This visualization becomes more vivid in a group session, where employees can encourage each other to imagine the positive effects of participation. Bradley K. Arends, CEO of Alliance Benefit Group Financial Services, Corp. in Albert Lea, Minnesota, says “At new enrollee meetings and group meeting for existing participants, we too ask participants to envision their idea of retirement and then assist participants with determining the investment strategy and contribution commitment that will help them achieve that dream.”
Group Investment Options into Groups More Aligned with Employee Psychology: Here, we begin to get to the heart of the matter. This strategy is difficult for many to employ for two reasons. From the point of view of the plan sponsor, it means making an effort to understand the psychology of decision-making. They must then have the courage to restructure the 401k plan’s investment menu based on this behavioral approach rather than traditional investments long advocated by the financial services industry.
For investment professionals, the challenge is even greater. Taught to speak in the vernacular of their business, to successfully restructure a 401k plan investment option menu requires them to forsake everything they ever learned about investments and modern portfolio theory. In fact, to be truly effective, they must re-educate themselves to think, act and breathe like a 401k plan participant. For most employees, it’s not about investments, it’s about savings. Indeed, a 2012 Wharton study says exactly this (see “New Study Reveals Three 401k Strategies More Important than Asset Allocation,” FiduciaryNews.com, August 14, 2012).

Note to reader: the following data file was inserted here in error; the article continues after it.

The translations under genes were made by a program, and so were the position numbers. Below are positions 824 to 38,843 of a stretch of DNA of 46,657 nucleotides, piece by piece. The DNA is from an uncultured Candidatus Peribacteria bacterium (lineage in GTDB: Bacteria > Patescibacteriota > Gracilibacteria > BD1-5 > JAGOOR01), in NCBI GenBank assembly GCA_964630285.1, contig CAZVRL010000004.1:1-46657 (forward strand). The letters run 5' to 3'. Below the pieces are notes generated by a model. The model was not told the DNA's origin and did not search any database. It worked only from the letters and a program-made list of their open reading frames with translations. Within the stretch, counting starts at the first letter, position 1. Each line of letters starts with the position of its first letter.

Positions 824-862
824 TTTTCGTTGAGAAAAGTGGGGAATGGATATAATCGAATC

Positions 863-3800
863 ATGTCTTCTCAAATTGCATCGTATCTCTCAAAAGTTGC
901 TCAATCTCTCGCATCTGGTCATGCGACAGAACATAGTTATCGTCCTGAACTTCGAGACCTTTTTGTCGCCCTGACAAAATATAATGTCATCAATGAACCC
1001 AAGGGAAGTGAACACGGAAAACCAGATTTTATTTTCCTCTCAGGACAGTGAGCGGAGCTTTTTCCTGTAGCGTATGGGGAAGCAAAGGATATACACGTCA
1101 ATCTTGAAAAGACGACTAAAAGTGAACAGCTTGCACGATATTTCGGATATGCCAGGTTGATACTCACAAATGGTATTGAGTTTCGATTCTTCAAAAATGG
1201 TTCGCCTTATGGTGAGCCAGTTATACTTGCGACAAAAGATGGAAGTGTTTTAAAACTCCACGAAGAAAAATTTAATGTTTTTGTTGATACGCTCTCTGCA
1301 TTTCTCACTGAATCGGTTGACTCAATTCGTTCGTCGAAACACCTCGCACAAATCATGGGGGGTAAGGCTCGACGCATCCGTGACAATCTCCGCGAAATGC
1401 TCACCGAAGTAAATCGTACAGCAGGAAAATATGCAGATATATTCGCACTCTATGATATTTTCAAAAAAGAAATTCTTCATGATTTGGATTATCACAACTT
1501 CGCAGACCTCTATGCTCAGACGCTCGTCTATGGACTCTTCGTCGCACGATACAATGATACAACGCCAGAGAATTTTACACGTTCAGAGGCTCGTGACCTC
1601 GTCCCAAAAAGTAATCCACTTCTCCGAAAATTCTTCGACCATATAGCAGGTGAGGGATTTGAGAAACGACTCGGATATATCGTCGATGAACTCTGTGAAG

The better financial service providers understand this. Ted Jenkin, Co-CEO and Founder of oXYGen Financial, Inc. in Alpharetta, Georgia, says “The hardest part is actually getting people started with these plans. By offering multiple categories, it makes the process much more palatable for an employee to begin savings. It’s much like going to a wedding. If you give people the option of fish, prime rib, or chicken, they will find something that suits them. This is about behavioral finance. If you emotionally give people choices that can help them fit who they think they are within the context of the options, more people will sign up. Once that starts for an employee, they rarely stop unless they have unforeseen financial circumstances in their personal situation.”
Arends believes restructuring an investment menu so employees see broad categories first “can increase the likelihood of understanding and free up time for participants to devote to understanding other key concepts and determining how much they should save in the plan.” He says, “Plans with tiers/categories see greater employer contribution amounts because, quite simply, they are easier to understand. The simpler the approach, the higher the likelihood for comprehension and those who can understand the investment menu are more likely to contribute to the Plan. This takes some of the fear out of the equation simply by removing some of the unknown factors.”